Investment by Newham Council to provide hundreds of temporary homes

Posted On: 25th April 2016

A Stratford building has been purchased by Newham Council from a housing association to provide temporary accommodation for homeless people.Government Opportunities

Sir Robin Wales, Mayor of Newham, approved the purchase of Brimstone House at Mayoral Proceedings last month.

Over the next decade, the building will provide hundreds of temporary homes to residents who need them. The homes will be affordable to those on low incomes. Empty units in the building have already been in use by Newham Council since January 2015 to provide temporary accommodation to homeless residents.

The building, which will be renamed, was previously owned by East Thames Housing Group and consists of 210 self contained units. Newham Council has purchased the freehold of the building for an undisclosed sum.

There is a shortage of affordable properties in the borough and an increasing number of residents are approaching the council for help with housing. The council is doing all it can to ensure that these people are housed locally.

This building will help provide more temporary homes for hundreds of homeless people while a long term housing solution is sought. It will save the council a significant sum of money by reducing the use of other expensive nightly paid alternative forms of temporary accommodation.

The property was also purchased as a future investment for the council and to ensure the homes it can provide and potential profits generated can be safeguarded for Newham residents. If the council did not purchase the building, a private company could purchase it and sell it to the highest bidder.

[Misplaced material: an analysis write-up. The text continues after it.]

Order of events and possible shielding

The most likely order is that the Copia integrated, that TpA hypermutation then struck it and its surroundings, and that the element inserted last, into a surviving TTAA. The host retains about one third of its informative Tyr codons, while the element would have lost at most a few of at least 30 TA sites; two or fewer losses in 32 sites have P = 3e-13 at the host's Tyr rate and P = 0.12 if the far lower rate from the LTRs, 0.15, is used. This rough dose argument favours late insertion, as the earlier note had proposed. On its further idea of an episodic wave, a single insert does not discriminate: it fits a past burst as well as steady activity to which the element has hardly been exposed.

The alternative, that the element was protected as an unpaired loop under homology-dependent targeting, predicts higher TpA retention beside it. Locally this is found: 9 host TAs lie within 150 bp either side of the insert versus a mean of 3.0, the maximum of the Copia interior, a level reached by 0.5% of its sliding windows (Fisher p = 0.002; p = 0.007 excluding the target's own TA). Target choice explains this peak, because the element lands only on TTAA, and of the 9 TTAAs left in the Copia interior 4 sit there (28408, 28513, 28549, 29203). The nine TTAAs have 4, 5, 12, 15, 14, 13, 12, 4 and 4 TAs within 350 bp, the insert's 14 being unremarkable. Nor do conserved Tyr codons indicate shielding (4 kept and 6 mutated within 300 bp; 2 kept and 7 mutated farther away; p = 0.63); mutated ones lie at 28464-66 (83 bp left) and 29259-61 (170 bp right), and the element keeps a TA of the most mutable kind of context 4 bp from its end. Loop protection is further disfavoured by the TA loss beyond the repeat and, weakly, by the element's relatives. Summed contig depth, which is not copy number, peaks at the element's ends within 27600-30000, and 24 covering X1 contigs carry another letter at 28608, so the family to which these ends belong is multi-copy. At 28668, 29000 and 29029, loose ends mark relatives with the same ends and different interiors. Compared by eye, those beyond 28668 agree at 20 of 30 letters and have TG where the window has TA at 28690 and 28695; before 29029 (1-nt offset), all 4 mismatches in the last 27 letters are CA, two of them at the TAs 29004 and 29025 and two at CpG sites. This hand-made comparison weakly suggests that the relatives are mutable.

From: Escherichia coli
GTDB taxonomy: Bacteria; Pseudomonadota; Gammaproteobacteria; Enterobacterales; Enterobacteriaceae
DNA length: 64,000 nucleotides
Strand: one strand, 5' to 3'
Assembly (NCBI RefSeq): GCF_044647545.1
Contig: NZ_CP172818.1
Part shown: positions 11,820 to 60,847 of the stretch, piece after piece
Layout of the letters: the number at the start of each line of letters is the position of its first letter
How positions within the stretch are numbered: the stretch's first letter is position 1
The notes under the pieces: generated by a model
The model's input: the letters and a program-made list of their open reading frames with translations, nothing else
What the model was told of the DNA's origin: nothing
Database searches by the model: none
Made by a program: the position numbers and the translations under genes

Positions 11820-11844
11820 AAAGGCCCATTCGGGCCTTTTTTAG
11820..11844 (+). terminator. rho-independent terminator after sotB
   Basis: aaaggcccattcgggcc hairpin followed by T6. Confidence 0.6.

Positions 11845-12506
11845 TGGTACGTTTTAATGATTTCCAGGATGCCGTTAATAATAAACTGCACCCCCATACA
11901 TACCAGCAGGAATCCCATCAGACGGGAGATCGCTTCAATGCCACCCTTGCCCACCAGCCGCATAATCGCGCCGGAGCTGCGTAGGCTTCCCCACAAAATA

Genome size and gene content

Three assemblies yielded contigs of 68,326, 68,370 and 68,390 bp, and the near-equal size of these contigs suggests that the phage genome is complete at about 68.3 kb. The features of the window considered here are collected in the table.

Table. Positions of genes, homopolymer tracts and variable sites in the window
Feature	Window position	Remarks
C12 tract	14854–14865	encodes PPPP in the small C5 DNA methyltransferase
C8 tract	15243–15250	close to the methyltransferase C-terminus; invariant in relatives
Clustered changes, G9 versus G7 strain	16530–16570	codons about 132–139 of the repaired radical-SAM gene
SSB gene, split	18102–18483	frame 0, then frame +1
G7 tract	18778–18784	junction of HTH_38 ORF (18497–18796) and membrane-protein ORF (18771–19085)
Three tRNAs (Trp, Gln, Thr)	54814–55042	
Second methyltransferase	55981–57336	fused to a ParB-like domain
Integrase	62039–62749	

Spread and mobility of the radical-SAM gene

House prices in Stratford are rising rapidly and the building is expected to increase in value over the next ten years. At a time of austerity when the council is experiencing swingeing cuts to its budget, prudent investments can be used to help safeguard services.

Brimstone House was previously used by East Thames to provide supported accommodation for young people. Due to changes in the way the housing association delivers services such as this, the building is no longer used for this purpose and all the supported young people living there have moved on into their own accommodation.

Mayor of Newham Sir Robin Wales said:

“It is essential that we take the excellent opportunity this building presents. We are at the acute end of London’s housing crisis with a desperate shortage of affordable homes in the borough. There was a significant risk that this building could be lost to a private developer who would build flats that were unaffordable for local people. This building has had a difficult past and now that we own it, we can carefully manage it and ensure these temporary homes go to those who need them most.

The benefits we will reap from making this investment are myriad. The profit we make from our investment will provide much needed funds to protect services that matter most to our residents. However, this investment is about much more than making money – the social implications are huge. We cannot turn down this unique opportunity which makes both financial sense at the same time as helping some of our most vulnerable residents.”

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